Once you find a study for which you qualify, take a look at how long it lasts. If you can’t sit in one place for more than a week, you might not want to sign up for a three week study. If you have to leave the area on December 19 to get to your mom’s house by Christmas Eve, don’t get into a study that lasts until December 22.

Another thing to check out is how many follow-up visits the trial requires. If you’ll be ready to leave the area soon after the study is over, don’t pick a trial that requires several follow-up visits. The sponsors of most of the studies I participated in withheld the final payment until the completion of the final follow-up visit to ensure volunteers Gray Rotary Telephone on Brown Surfaceactually showed up for the last examination

If you’ve determined you’re a good fit for the study criteria given, you can handle the length of the study, the dates work for you, and you’re ok with the number of follow-up visits required, the next step is to contact a recruiter via telephone or by submitting information online and having a recruiter call you. If you are calling the recruiter, be sure to have the study number handy. If you don’t give the study number and just try to describe the study, you and the recruiter may end up talking about different things.

If there are still openings in the study you are interested in, the recruiter will conduct a phone screening with you. The recruiter will ask you questions about your general health; your medical history; your current and past drug use, including illegal drugs and prescription and over-the-counter medications, as well as vitamins and supplements; alcohol use; dietary restrictions, height; weight; and birth control methods, among other things I’ve probably forgotten since the last time I went through a phone screening. If you still qualify to participate after you answer all these (highly personal) questions, the recruiter will set up an appointment for an in-person screening.

The night before your screening visit, you definitely want to drink plenty of water so your blood will flow easily when it’s time for your blood draw. Avoiding fatty and fried foods for several days before your screening will also help with the blood draws. The recruiter should tell you how many days prior to the visit you should avoid alcohol; caffeine; over-the counter medications, vitamins, and supplements; exercise; and specific foods (such as poppy seeds or grapefruit). The recruiter should also tell you if you need to fast before your screening and if you do, what time you should start your fast. Follow these instructions to the letter or you may find yourself disqualified from the study.

Arrive at the screening center before the specified time so you’re not rushing and frazzled. After you sign in, you will be given a lot of paperwork to fill out; some of the questions will be the same as what  the recruiter asked during the phone screening. You will also be given a detailed consent form to read and sign. You should be given the opportunity to ask questions about the clinical trial, and you should have all your questions answered to your satisfaction.

Person Massaging Man While Lying on BedAfter you turn in your paperwork, an onsite recruiter will read over it. If you still qualify for the trial, someone will measure your height and weight and determine your BMI (Body Mass Index). Your vital signs (temperature, blood pressure, respiration rate) will be measured and noted. At some point you will provide a urine sample and have blood drawn. A doctor will examine you to make sure you are healthy.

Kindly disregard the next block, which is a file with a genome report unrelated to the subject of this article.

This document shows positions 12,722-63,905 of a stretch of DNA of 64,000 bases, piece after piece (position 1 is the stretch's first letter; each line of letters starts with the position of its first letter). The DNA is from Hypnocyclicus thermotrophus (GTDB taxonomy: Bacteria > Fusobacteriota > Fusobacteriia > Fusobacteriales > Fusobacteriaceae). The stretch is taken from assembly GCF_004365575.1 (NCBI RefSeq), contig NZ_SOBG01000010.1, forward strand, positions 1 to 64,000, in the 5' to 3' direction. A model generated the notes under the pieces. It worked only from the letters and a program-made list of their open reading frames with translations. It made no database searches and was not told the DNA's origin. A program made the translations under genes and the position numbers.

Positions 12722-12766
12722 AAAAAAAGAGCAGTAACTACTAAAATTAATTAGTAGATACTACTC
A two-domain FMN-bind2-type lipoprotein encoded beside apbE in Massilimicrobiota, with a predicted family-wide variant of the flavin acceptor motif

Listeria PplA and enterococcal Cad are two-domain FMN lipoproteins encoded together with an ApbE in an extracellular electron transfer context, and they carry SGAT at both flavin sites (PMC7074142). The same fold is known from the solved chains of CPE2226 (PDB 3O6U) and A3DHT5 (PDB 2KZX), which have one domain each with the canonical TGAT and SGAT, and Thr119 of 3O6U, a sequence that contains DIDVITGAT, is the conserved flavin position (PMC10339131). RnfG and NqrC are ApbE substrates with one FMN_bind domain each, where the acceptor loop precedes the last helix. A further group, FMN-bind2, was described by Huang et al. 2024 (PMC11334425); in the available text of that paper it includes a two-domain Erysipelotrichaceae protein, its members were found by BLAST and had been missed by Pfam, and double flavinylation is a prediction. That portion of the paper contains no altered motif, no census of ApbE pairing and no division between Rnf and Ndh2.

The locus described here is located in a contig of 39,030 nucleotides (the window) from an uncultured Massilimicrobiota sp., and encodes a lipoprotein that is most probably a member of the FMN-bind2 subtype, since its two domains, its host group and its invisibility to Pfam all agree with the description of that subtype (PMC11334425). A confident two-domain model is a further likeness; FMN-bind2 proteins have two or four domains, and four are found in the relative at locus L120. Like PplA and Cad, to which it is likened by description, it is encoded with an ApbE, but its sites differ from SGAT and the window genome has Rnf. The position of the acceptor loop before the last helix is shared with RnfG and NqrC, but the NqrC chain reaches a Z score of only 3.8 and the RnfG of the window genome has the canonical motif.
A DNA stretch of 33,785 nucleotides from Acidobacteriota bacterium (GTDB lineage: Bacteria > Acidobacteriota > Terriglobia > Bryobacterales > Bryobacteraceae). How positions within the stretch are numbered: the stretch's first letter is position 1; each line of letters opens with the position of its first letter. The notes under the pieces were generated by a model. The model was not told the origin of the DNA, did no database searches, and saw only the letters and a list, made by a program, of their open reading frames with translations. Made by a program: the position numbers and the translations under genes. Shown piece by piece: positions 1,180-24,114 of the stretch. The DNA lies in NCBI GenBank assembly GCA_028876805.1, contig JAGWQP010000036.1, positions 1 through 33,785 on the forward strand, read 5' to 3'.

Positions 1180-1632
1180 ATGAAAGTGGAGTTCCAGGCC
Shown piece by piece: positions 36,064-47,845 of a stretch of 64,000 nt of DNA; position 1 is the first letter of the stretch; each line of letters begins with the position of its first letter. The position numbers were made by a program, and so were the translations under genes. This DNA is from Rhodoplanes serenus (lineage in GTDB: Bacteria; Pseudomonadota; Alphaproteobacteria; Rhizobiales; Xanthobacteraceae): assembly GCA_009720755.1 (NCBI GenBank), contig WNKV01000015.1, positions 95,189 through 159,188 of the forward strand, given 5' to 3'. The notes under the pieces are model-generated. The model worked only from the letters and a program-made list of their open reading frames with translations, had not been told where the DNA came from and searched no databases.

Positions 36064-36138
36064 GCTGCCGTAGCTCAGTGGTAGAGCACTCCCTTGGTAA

The waiting game begins when the screening appointment ends. Depending on when you screen, you may have to wait a week or two to find out if you have made it into the study. You may be called back in for a follow-up screening if any of your test results are on the edge of normal, so don’t go too far away from the screening center while you wait for your results.

While you’re going through your screening, it pays to be friendly and polite. The study sponsor screens more people than they need for the trail so they’re sure to have enough participants. If everyone qualifies physically, people will be cut from the study based on other criteria. If all physical aspects are equal, folks who are uncooperative or rude to the staff are more likely to be cut from the study.

If you do make it into the study, you will be called and told when to report to the study facility to check in. At your screening, you will have been given a list of what you are allowed to bring and what items are prohibited. Don’t even bother bringing prohibited items. Your bags will be checked, and any prohibited items will be confiscated. (You’ll get them back when you leave.) Prohibited items in the studies I participated in included food, gum, candy, over-the-counter medications, hygiene products with certain ingredients, and weapons of any kind.

Be sure to get to study facility on time for your check in. Being one minute late can get you cut from the trial. Black and White Blood Pressure Kit

Once you arrive for check in, you’re going to have to fill out a bunch of the same paperwork all over again. Just be patient and fill in the blanks. You’ll be weighed and your vital signs measured. You’ll provide urine and blood samples all over again. A doctor will examine you to make sure all is still well. You’ll go through the screening again because the study sponsor wants to confirm that you aren’t sick and haven’t been smoking or drinking alcohol or ingesting other chemicals you were told not to touch.